/ domm

I hack Perl for fun and profit.

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25.12.2014: Making presents with Perl
07.12.2014: First release of lib::projectroot
30.11.2014: Please review File::LoadLocalLib
26.10.2014: Videos of Austrian Perl Workshop 2014
05.09.2014: Going to Silicon Valley
29.08.2014: Things I learned at YAPC::Europe 2014 in Sofia
10.07.2014: Where will YAPC::Europe 2015 take place?
04.06.2014: Announcing the Austrian Perl Workshop 2014
27.05.2014: Modification of a read-only value attempted
25.05.2014: App::TimeTracker::Command::Trello

I recently used Trello while working on a side project. Trello is yet another Todo-Tracker, or "a free web-based project management application made by Fog Creek Software" (as Wikipedia says at the moment).

I found Trello quite usable, but I'm more of a command-line person. I also quite like App::TimeTracker (no big surprise, as I wrote most of it...). So I wrote a plugin to integrate Trello and App::Timetracker, called App::TimeTracker::Command::Trello. The plugin uses WWW::Trello::Lite, which worked as advertised. Developing App::TimeTracker::Command::Trello was quite easy, as I basically copied App::TimeTracker::Command::RT, ripped out the RT-specific parts, and replaced them with Trello-code.

It was quite nice to see that the rather complex architecture of App::TimeTracker worked out and made it easy to add new features!

The biggest obstacle was that Trello does not really provide anything like a card-id. Well, of course each card (and everything else) has an id, but the look like this: 53725ca0bef77fda44558218. Not very easy to remember or type. So I employed a small hack that seems to be used by other Trello-Add-Ons as well. I made it mandatory that each card's name has to start with a unique pseudo-id, like "@t42:@" (so the full Card name would be "@t42: Rev up the FluxCompensator@"). Luckily the web interface is quite smart, so I could enter a bunch of empty cards by just typing t43: ENTER t44: ENTER etc.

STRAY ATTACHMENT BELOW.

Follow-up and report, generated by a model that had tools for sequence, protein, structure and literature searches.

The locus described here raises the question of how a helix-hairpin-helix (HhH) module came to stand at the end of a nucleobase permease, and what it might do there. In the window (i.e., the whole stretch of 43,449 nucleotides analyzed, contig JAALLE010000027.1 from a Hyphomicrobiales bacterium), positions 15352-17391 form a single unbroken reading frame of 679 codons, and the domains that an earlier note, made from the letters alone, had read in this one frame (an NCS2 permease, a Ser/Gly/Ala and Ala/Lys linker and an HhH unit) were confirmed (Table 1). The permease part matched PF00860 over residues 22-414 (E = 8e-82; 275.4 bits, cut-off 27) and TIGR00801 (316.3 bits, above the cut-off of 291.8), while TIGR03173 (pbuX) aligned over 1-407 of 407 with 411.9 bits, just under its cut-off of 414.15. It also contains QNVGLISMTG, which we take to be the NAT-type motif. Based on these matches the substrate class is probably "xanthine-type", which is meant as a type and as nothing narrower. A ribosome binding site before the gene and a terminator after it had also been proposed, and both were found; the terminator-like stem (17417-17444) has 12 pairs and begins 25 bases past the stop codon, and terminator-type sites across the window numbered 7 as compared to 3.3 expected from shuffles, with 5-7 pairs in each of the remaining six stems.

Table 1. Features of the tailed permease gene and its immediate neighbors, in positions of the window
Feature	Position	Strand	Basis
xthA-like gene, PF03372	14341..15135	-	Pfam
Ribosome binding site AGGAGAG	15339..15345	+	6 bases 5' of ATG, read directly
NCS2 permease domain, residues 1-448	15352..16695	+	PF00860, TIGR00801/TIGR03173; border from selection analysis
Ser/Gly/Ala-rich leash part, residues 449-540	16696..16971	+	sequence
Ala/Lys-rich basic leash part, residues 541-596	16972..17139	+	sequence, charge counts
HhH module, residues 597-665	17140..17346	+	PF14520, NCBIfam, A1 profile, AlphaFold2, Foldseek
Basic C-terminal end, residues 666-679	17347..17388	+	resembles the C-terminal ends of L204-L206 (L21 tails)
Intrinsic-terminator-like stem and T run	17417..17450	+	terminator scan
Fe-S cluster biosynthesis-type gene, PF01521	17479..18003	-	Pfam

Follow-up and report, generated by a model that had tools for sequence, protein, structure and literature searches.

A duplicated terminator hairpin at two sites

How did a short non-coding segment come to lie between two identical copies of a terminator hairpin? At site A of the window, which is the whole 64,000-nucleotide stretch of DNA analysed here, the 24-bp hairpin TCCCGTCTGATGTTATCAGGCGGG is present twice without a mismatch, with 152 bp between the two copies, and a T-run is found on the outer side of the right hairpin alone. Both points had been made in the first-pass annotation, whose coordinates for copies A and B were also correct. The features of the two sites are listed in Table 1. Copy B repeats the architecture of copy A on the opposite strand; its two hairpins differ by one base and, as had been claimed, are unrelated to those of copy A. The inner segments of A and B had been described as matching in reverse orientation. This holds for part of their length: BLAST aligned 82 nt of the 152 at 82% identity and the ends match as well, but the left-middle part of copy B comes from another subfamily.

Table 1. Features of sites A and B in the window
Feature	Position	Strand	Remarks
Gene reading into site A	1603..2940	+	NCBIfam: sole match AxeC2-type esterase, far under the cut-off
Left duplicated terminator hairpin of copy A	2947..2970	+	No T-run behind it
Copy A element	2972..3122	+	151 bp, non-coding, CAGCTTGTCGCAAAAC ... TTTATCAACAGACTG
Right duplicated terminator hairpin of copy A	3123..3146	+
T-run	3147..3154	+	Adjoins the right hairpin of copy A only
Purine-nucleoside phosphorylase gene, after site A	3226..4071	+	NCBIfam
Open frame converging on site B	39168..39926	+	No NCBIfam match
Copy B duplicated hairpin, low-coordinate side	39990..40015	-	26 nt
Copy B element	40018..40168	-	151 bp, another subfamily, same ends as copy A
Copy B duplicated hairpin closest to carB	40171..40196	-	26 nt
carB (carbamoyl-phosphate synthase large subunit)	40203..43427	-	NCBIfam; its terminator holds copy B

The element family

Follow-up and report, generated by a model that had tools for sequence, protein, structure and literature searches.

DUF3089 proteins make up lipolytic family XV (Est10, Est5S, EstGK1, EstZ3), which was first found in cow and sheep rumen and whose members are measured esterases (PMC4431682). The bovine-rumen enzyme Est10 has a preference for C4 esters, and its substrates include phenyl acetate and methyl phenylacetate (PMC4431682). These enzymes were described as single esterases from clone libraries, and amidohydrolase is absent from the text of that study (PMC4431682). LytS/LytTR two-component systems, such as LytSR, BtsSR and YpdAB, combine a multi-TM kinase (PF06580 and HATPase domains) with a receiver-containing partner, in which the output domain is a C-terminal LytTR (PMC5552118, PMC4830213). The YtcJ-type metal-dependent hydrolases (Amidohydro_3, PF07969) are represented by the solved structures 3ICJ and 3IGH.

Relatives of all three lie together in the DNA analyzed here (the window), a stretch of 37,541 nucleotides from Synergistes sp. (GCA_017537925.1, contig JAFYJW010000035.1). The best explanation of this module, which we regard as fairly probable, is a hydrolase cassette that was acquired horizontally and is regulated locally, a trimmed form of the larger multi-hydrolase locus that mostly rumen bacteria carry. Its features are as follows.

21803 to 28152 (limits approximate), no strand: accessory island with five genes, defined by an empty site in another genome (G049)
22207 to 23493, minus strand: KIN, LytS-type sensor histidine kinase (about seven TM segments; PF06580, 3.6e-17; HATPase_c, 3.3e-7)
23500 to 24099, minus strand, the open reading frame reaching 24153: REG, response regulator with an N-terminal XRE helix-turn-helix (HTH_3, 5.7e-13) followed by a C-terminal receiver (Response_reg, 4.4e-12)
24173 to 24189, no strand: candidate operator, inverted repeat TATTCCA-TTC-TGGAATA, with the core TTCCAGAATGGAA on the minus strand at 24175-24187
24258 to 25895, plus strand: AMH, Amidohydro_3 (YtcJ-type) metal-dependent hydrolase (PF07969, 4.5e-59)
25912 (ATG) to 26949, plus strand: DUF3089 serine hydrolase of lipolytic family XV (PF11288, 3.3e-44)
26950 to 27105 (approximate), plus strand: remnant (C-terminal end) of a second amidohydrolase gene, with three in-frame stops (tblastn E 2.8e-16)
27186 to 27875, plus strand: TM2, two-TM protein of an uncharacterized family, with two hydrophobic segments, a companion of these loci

Having set up my board like this I could now do:

tracker start --trello t42

This will start a new git branch named t42_rev_up_the_fluxcompensator, move the card into the Doing-List, and start tracking the time spent on this task.

Well, it would, if you are somehow logged in to Trello. Which is not that easy as it might seem, because Trello is not using the venerable username/password scheme (so 90'ies!), but an OAuthy app-id/auth-token approach. Which means, you somehow have to acquire such a token. Which is quite annoying. To make my life easier, I added a new command, setup_trello.

Invoking this command starts a sort of interactive walk trough, that tells you which URLs you need to open, and expects you to paste some keys back. I did not use any fancy prompting module, because I was the bad kind of lazy (my $yes = <STDIN>), so I guess the next release will include some proper prompting.

There are some more options you can fiddle with, eg if you want cards moved to certain lists on certain events. I also hacked some minor time tracking into Trello itself, by storing the time worked on a task again in the card title ([w:23m] would mean "worked 23 minutes"). I have some unfinished plans on adding more such tags (mostly: [e:30m], i.e. "estimate: 30 minutes"), and maybe some additional tools to add new pseudo-ids and to report on time-worked vs estimated.

Anyway, feel free to play with App::TimeTracker::Command::Trello (or just App::TimeTracker, if you don't care about Trello..). Any feedback is appreciated!

P.S.: I guess I will rip out some of the in fact optional parts of TimeTracker, and put them into distinct distributions. There is no need to install all the RT dependencies, if you're not using RT and just want to track your time.

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